branding

Interbrand Global Brands 2012 Survey: That Elusive Human Touch

First, the good news: the top risers are Apple (now closely following eternal leader Coca-Cola), Samsung, Oracle and Amazon. There is a really good commentary from Jez Frampton, Chief Executive of Interbrand, where he emphasises the human and social importance of the brands in 2012:

“Today’s best brands are in touch with their own humanity and the humanity of others. They listen to consumers, employees, and investors alike and respond to the messages they receive. They want to know how people really feel about their company, they gather input and use it to drive innovation, and they realize that there is a lot to be learned from the wisdom of crowds. The challenge for brands is to respond quickly and with sincerity, or they risk compromising the relationship.”

With our clients, in various industry sectors, we noticed the same trend – connecting to people, rather than labels. Presumably, Apple rise  to the second place has much to do with still riding on Steve Jobs legacy and personality – will be interesting to see how well they would do in the next couple of years. Amazon’s success can be attributed to Kindle Touch and Kindle Fire. Samsung’s rise through the ranks is due to the best-selling Galaxy S3 phone (and its starring role in the opening ceremony of London Olympics).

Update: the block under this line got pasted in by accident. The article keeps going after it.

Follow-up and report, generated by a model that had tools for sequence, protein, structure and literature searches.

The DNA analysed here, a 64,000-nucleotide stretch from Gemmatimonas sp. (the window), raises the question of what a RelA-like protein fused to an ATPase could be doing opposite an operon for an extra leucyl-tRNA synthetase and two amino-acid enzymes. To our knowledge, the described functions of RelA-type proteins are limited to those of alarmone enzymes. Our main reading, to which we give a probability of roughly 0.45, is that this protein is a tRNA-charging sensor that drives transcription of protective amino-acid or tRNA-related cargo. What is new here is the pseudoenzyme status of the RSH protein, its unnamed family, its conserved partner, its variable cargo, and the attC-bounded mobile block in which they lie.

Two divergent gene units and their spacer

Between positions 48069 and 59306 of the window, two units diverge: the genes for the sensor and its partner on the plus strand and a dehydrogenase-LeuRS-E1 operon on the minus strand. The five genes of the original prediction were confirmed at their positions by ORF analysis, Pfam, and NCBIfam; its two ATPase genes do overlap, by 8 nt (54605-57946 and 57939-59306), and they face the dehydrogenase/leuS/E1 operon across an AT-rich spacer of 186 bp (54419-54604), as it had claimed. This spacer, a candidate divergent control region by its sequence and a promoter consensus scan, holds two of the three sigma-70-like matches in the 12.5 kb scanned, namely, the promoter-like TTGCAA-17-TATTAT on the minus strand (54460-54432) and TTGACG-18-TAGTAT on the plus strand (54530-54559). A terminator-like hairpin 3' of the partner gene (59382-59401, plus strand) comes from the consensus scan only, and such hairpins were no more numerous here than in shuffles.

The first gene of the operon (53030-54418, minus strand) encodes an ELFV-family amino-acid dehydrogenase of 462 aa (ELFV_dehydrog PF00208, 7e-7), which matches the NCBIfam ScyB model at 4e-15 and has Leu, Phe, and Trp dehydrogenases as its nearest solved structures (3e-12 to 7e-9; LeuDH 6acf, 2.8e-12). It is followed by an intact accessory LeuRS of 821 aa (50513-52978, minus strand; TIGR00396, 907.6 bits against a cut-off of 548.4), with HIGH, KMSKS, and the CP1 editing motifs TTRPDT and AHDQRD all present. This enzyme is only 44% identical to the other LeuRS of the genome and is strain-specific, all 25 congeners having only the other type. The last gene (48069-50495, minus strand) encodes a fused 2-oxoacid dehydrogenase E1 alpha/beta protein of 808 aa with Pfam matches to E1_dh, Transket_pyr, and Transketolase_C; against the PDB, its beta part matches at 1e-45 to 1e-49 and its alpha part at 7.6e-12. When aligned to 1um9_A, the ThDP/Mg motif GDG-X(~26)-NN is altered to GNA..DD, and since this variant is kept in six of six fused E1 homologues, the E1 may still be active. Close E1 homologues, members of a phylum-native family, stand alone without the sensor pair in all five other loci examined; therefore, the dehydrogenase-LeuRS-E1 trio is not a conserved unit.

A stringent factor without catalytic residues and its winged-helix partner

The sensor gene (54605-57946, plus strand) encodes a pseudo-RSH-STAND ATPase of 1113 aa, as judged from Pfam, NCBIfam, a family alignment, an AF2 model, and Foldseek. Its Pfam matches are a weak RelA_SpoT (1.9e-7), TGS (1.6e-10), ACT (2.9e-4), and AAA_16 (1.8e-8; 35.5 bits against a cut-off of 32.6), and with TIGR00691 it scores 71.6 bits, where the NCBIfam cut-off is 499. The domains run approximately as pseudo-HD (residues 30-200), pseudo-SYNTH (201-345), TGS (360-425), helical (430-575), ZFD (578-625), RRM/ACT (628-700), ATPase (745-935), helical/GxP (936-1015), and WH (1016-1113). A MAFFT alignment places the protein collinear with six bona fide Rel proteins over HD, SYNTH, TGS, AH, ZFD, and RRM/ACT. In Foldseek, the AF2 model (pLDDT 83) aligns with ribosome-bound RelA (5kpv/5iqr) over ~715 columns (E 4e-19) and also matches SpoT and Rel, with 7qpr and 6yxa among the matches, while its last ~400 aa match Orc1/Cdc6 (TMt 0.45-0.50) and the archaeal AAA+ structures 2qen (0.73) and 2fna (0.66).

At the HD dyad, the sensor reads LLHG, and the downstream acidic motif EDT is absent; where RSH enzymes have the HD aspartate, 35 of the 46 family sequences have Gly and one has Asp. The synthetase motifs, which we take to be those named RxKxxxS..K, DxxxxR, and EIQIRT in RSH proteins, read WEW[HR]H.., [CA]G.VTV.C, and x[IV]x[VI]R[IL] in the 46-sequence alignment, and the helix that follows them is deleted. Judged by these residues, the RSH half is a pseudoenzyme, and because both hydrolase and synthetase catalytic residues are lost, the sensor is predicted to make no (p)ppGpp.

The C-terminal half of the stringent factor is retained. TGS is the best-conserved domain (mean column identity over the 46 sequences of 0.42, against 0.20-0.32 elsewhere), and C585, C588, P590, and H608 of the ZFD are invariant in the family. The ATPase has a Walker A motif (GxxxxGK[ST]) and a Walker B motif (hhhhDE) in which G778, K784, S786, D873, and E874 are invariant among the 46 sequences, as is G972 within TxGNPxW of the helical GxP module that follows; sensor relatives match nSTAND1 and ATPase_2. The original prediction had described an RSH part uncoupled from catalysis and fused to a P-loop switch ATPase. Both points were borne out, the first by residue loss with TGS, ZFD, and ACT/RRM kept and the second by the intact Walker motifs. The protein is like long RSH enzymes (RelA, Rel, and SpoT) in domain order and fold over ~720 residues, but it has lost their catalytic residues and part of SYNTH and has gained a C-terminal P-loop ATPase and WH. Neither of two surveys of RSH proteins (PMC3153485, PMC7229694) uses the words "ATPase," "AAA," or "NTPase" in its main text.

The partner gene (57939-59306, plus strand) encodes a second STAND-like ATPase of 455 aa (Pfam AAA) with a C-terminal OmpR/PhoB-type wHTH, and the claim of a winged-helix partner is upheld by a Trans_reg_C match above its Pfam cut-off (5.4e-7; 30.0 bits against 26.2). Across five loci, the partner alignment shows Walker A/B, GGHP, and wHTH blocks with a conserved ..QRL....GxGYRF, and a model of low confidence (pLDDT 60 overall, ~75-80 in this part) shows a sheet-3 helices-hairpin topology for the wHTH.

For the first time in 13 years Google manage to overtake Microsoft – obviously “doing no evil” as a brand statement works for them.  There is a long-awaited newcomer – Facebook entered the index for the first time, at number 69.

This survey did not bring such good news to financial services firms. For the first time in years, UBS and Barclays are off the list. Still feeling the impact of 2008 global economic downturn, last year UBS managed to retain 94th place, and Barclays – 79th, – not in 2012 though. Credit Suisse declined to number 95 in the index. Some financial brands, however, managed to increase their brand value – American Express, Morgan Stanley, Visa (no doubt exclusive sponsorship deal with Olympics helped).

Rather shockingly, Armani group is off the list – despite almost 4 million followers on Facebook alone! Having a quick look at the brand presence on Facebook though – sadly, they suffer from a disparate offering (there are quite a few Armani-related groups), and the content is far from being engaging and exciting for the brand that size. Another contributing factor could be brand dilution by creating Armani Exchange in addition to Armani Jeans and the main Armani brand.